When we arrived at the Dearborn Inn, many of the former players were already sitting around a table in the hotel bar having drinks so we joined them.
For the next hour and a half, the players, including Gail Cogdill, Dennis Gaubatz, Bob Whitlow and Earl Morrall shared funny stories. Cogdill confessed that he had taken notes out of George’s helmet at training camp to try to decipher what he was writing. I noticed that George did very little talking but was listening very intently to the stories that were marked by much laughter.
Early on, he pulled a reporter’s notepad out of his jacket and began scribbling notes. I have since wondered what his plans were for those notes. Was George thinking about writing an essay about his Paper Lion reunion experience?
The next day at Ford Field, George and Alex Karras were the honorary Lions team captains. They walked to midfield for the coin toss prior to the game. Plimpton wore a 2003 Lions jersey with his number 0 and Karras donned his number 71, both jerseys covering the men’s button-down shirts.
At halftime, the Paper Lion players were introduced to the crowd. They lined up across midfield. The last three to be introduced, were Alex Karras – who had not been back to a Lions game since he was cut in 1971 – Joe Schmidt, considered to be “Mr. Detroit Lion,” and finally George, who I remember receiving the loudest ovation. George simply beamed, and doffed his Lions baseball cap to the crowd.
When I returned to the Dearborn Inn after the game George invited me to dinner.
Again, I couldn’t believe it.
Now, I was going to have the opportunity to ask him about meeting Ernest Hemingway, his thoughts on writing, and his favorite exploits. I had not really had much of chance to speak with him the night before.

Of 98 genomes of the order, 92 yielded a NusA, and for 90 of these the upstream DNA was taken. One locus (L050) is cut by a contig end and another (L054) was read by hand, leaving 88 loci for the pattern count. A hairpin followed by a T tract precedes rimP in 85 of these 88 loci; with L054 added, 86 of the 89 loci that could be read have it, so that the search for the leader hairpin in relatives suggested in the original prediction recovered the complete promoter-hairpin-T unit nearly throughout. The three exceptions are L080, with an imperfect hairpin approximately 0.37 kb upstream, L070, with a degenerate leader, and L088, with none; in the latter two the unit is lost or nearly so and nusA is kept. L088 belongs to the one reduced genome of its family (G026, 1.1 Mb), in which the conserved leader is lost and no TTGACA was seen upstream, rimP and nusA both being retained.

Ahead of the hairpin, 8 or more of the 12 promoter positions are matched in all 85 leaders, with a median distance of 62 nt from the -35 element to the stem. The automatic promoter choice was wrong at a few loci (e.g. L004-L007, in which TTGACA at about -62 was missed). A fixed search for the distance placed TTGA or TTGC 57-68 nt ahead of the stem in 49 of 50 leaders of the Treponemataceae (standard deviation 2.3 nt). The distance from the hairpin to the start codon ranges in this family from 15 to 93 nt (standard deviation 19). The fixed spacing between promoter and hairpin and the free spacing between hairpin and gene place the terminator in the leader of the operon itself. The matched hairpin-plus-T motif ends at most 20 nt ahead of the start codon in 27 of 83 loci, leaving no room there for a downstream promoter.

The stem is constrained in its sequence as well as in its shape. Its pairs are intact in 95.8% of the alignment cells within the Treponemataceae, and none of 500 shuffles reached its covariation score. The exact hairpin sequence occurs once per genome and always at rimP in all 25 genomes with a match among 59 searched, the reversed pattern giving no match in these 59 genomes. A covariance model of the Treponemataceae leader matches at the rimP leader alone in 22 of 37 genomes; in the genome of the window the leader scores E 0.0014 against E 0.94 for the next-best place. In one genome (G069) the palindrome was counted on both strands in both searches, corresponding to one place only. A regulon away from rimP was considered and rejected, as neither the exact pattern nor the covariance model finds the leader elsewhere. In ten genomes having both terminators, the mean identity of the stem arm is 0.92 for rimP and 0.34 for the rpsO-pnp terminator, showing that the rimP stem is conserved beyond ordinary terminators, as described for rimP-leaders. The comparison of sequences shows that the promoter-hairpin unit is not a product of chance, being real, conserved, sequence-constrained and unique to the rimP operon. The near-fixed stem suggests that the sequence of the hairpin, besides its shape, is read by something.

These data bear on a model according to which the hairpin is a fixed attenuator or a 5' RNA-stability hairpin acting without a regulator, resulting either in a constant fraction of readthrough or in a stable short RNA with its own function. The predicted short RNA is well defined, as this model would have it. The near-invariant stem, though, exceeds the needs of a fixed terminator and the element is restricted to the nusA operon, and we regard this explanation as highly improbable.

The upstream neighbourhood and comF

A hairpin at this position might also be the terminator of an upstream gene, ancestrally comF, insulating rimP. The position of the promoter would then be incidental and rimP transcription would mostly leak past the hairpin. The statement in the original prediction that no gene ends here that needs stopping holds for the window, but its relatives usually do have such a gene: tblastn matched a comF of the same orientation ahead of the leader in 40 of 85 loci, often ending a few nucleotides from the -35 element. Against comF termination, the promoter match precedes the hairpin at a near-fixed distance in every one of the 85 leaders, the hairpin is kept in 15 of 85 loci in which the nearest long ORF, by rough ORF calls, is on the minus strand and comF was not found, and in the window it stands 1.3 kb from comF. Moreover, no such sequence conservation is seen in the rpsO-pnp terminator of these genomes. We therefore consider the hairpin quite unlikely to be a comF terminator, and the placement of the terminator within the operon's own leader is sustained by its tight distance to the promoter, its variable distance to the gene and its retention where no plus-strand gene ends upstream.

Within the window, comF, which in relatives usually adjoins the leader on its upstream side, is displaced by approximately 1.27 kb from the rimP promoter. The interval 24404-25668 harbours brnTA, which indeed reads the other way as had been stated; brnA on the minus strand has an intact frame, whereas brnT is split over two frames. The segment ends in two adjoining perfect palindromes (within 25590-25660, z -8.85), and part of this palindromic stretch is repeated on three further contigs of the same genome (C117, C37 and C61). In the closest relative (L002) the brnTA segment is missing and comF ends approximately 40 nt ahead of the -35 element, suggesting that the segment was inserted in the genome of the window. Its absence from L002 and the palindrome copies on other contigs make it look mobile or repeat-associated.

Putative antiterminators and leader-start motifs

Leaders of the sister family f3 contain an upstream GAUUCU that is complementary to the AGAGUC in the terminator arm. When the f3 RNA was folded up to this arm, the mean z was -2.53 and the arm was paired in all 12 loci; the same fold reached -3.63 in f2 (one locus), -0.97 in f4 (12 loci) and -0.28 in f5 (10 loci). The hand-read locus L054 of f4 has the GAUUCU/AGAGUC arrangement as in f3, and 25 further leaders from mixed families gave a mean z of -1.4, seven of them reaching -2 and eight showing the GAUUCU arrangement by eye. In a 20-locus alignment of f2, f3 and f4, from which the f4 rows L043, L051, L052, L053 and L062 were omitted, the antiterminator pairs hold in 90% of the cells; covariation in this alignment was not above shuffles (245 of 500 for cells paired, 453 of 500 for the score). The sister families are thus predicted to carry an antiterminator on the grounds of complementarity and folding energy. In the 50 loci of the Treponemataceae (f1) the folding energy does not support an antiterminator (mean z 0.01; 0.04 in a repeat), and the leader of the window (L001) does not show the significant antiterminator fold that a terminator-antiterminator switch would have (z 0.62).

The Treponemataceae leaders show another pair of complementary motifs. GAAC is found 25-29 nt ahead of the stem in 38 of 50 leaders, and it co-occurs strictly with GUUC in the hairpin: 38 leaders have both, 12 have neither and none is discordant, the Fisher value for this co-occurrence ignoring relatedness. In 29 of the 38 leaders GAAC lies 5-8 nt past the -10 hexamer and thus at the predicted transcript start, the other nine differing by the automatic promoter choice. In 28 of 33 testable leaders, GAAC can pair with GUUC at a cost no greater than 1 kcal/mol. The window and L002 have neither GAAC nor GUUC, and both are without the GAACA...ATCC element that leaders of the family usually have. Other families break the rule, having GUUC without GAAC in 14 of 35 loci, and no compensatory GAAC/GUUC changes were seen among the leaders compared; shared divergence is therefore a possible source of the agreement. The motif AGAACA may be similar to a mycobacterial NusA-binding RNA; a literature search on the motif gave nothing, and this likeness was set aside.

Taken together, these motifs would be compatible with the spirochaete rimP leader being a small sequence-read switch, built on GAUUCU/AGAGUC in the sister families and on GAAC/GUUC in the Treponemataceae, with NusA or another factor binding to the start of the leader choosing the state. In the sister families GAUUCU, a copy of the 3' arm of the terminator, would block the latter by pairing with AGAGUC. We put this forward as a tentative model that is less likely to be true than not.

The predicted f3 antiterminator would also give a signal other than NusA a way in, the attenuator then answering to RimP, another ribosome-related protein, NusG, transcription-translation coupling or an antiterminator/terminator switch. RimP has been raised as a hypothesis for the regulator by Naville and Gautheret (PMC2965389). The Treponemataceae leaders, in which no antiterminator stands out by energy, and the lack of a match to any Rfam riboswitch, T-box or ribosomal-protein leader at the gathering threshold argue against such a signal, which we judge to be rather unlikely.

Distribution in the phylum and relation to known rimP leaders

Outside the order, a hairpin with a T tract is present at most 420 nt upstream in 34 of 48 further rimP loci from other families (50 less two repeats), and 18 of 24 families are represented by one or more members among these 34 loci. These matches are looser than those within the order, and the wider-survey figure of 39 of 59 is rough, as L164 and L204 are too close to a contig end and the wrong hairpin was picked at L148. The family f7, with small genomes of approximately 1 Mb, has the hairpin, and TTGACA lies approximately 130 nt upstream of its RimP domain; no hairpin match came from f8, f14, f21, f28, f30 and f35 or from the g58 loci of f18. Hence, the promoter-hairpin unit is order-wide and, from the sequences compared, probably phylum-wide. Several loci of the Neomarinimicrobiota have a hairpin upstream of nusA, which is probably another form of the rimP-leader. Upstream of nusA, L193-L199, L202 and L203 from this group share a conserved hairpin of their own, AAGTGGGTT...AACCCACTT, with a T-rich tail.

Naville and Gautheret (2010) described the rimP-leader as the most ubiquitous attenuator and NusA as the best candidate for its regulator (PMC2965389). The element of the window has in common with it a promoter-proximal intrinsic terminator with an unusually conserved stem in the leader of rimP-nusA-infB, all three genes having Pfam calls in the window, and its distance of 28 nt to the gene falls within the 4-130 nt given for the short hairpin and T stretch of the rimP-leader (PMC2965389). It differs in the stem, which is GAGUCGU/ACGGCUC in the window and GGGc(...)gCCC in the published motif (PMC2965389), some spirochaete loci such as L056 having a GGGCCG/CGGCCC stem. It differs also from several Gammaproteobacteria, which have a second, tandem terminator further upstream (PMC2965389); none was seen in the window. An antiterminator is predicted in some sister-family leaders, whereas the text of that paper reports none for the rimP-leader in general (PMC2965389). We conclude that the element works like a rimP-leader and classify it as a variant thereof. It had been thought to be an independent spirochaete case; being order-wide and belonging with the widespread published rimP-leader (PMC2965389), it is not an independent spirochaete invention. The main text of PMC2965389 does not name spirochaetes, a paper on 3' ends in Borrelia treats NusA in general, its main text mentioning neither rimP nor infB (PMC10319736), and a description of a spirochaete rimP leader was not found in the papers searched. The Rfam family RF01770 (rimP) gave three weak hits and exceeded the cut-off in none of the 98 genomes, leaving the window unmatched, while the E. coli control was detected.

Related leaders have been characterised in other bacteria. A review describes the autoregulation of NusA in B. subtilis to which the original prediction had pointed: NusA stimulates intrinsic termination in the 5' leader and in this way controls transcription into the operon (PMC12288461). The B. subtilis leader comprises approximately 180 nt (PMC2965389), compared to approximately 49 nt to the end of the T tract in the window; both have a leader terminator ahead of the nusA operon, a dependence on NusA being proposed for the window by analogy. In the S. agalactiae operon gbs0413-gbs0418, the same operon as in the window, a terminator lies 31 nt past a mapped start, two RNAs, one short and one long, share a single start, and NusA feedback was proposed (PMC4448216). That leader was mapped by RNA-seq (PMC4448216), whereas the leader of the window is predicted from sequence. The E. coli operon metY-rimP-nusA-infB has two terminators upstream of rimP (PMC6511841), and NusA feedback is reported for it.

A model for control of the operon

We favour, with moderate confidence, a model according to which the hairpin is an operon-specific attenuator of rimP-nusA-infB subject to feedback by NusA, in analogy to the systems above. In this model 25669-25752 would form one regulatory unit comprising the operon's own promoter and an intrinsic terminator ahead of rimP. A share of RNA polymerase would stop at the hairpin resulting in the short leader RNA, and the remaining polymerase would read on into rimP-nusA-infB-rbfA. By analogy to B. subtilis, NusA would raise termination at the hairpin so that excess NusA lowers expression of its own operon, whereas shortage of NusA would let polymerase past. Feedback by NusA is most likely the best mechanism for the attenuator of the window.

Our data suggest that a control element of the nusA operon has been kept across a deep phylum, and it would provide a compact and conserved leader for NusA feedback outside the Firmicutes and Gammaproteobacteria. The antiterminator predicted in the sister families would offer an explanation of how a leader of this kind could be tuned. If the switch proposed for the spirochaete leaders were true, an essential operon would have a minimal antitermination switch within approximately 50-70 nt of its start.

As we walked through the lobby to the restaurant, I recognized former 1980s Lions offensive lineman Keith Dorney walking toward us. Dorney introduced himself to George, and stated that he was in town to promote his own book, Honolulu Black and Blue about his experience playing in the NFL. With that, George introduced me to Keith and said, “Keith, would you care to join me and Bill for dinner?”
Of course Dorney jumped at the invitation.
Quite selfishly I thought, “Oh great, now I have this ex-jock who just wants to speak with George about football and I wanted to talk with Plimpton about everything but football.”
My thoughts on Dorney were quickly tossed away.
After we sat down, George asked: “Keith, tell me what you are doing now?”
“I’m a high school English teacher in California.”
Oh my God, I couldn’t believe it.
For the next two hours I tried very hard to avoid looking like comedian Chris Farley in his famous Saturday Night Live skit where he interviews Paul McCartney like a nervous and sweaty star struck fan.